Today is the 40th anniversary of The Wizard of Oz, based on the 1900 book by L. Frank Baum. . .
Not surprisingly, the book and movie have been subject to many different interpretations.
For Henry M. Littlefield, the book was a parable on William Jennings Bryan and the late-19th-century Populist movement. For example:
The Wicked Witch of the East had kept the little Munchkin people “in bondage for many years, making them slave for her night and day.” Just what this slavery entailed is not immediately clear, but Baum later gives us a specific example. The Tin Woodman, whom Dorothy meets on her way to the Emerald City, had been put under a spell by the Witch of the East. Once an independent and hard working human being, the Woodman found that each time he swung his axe it chopped off a different part of his body. Knowing no other trade he “worked harder than ever,” for luckily in Oz tinsmiths can repair such things. Soon the Woodman was all tin. In this way Eastern witchcraft dehumanized a simple laborer so that the faster and better he worked the more quickly he became a kind of machine. Here is a Populist view of evil Eastern influences on honest labor which could hardly be more pointed.
For Hugh Rockoff, the book is a monetary allegory, replete with references to the monetary debates of the 1890s. For example:
Dorothy is in her home when it is carried by a cyclone (tornado) to the land of Oz. This is Baum’s fantasy counterpart to America, a land in which, especially in the East, the gold standard reigns supreme and in which an ounce (Oz) of gold has almost mystical significance. The cyclone is the free silver movement itself. It came roaring out of the West in 1896, shaking the political establishment to its foundations. A cyclone is an apt metaphor. Bryan was first elected to Congress in 1890 and made his first important speech in Congress on the silver question in 1893. Three years later he was the leader of a national movement. Dorothy’s house lands on the Wicked Witch of the East. The Witch dries up completely, leaving only her silver shoes. These represent the silver component of a bimetallic standard and are given to Dorothy to wear by the Good Witch of the North, who has been summoned to the scene. The silver shoes have a magical power that the Wicked Witch of the East understood but which the Munchkins (citizens of the East) do not.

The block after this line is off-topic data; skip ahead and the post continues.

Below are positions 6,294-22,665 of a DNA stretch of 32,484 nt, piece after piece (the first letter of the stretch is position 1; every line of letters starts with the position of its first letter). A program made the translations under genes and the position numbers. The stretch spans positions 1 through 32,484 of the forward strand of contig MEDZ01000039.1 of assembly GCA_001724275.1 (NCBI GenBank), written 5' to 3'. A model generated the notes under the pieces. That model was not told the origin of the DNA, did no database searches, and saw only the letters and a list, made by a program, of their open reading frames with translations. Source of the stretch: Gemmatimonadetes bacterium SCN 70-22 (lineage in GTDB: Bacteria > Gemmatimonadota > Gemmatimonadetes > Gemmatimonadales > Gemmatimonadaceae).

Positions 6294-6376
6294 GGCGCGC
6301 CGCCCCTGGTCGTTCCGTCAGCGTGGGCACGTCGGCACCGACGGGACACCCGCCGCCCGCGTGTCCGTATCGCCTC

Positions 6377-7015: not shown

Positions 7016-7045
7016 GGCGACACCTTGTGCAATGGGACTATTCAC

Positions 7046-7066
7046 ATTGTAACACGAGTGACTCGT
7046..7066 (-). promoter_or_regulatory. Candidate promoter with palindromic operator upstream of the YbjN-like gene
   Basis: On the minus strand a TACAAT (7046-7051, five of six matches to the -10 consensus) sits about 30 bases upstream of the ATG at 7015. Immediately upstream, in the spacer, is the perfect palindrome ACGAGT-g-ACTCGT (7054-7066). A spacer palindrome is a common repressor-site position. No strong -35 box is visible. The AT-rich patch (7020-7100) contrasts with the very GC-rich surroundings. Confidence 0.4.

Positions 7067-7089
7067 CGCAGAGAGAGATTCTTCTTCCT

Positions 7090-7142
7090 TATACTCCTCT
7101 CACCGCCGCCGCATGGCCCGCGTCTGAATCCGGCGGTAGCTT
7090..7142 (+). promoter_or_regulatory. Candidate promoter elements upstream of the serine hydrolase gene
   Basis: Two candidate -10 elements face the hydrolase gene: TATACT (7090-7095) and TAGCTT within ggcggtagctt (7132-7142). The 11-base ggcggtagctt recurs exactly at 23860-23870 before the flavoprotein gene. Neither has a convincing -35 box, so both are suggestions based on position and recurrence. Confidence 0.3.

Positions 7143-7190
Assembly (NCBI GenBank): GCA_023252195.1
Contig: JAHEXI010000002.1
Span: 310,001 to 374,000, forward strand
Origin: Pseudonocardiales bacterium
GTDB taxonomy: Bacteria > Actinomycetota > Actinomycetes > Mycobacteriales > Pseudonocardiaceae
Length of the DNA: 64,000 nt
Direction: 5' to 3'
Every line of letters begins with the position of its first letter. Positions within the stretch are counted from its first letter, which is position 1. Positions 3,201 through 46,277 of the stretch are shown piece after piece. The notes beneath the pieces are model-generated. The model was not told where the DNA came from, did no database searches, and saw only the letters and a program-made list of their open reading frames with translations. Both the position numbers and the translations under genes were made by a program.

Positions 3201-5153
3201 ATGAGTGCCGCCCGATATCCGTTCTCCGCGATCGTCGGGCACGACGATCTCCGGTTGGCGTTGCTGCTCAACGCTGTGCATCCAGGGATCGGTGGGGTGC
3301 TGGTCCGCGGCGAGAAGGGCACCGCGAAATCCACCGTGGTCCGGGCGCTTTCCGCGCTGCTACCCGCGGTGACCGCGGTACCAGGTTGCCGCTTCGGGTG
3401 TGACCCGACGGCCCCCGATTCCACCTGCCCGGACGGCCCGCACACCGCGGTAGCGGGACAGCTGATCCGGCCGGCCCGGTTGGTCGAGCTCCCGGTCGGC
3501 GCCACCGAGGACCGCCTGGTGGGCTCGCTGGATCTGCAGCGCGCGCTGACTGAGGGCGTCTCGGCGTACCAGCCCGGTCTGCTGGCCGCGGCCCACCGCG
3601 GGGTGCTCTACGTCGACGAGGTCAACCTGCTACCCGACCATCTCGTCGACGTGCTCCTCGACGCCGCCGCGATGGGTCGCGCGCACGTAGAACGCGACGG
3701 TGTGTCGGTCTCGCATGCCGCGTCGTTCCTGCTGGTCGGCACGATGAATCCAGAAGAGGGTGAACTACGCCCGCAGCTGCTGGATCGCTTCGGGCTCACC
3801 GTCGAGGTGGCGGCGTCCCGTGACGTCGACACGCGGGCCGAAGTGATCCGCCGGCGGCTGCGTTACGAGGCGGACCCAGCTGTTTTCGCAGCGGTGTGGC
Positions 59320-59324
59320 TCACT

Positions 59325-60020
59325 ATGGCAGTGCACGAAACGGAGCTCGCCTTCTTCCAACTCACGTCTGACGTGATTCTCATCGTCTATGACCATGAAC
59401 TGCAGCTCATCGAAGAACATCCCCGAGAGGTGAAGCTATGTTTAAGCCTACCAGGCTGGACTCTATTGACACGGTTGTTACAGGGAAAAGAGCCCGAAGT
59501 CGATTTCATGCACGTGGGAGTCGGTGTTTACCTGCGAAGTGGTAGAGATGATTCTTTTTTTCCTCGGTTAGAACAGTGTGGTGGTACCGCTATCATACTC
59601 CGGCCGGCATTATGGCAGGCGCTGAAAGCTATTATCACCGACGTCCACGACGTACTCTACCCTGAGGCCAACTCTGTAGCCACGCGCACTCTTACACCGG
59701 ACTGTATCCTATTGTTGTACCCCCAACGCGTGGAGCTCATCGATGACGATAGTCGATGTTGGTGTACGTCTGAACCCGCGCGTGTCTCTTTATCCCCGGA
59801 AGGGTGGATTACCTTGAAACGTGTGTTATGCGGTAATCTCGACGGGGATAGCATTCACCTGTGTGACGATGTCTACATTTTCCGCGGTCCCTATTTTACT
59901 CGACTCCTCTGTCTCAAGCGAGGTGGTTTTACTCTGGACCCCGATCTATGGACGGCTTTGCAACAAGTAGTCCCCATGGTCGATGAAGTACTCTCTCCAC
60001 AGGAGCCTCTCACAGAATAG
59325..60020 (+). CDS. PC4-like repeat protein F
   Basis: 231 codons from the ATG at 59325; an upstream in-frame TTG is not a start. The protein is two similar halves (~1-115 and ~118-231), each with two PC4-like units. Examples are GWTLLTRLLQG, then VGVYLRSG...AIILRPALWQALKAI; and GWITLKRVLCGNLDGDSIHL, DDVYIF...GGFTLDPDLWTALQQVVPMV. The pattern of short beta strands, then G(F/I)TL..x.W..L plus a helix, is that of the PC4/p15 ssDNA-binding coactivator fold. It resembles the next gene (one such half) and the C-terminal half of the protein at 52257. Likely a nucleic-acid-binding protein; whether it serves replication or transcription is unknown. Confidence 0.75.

While Helen M. Kim sees the movie as a parable about mass consumer culture (including the possibility of resisting that culture):
opening in rural, hard-working, plain, and virtuous Kansas, the film grounds Dorothy’s magical adventures in the land of Oz firmly in the context of “real” life. The early scenes of her industrious aunt and uncle and their three farm hands, securing their animals and equipment against an approaching storm, are shot in “realistic” sepia tones. The small, bare, weather-worn Kansas farm and the aged, humble appearance of the adults evoke the harshness of midwestern rural life during the droughts and depression of the 1930s. Significantly, the characters’ anxiety and haste to prepare for the storm create an atmosphere in which work, responsibility, and industry are of the utmost importance to the preservation of their frail subsistence from an unpredictably destructive nature. Such iconography in the year of the film’s release, 1939, strongly enforces a sense of the harsh economic realities of “ordinary,” “everyday” American life. Nature, as represented by the land and the weather, dictates the limits circumscribing human existence. The Kansas setting represents the extreme of the natural and the unmediated, against which Dorothy’s “wild” flight into the fantastic, utopian, and ultimately mass cultural realm of Oz constitutes an entry into the possibilities of the artificial, mediated, or constructed-possibilities, in other words, which provide the necessary means to critique, contest, and demystify the category of “the natural,” which underpins the power of hegemony.
. . .
The drama of Dorothy’s movement between “real” and “utopian” spaces, then, works itself out through the ensuing plot of the film, which immediately reverses itself in the direction of Dorothy’s desire to return home. I would like to read her attempt to do so as the film working through the oppositional possibilities open to consumers: to “get out” of mass culture’s system of power once they have been enticed into it.
Thanks to Baum and Judy Garland, an important story—one that is rich in political, economic, and cultural alternatives—lives on.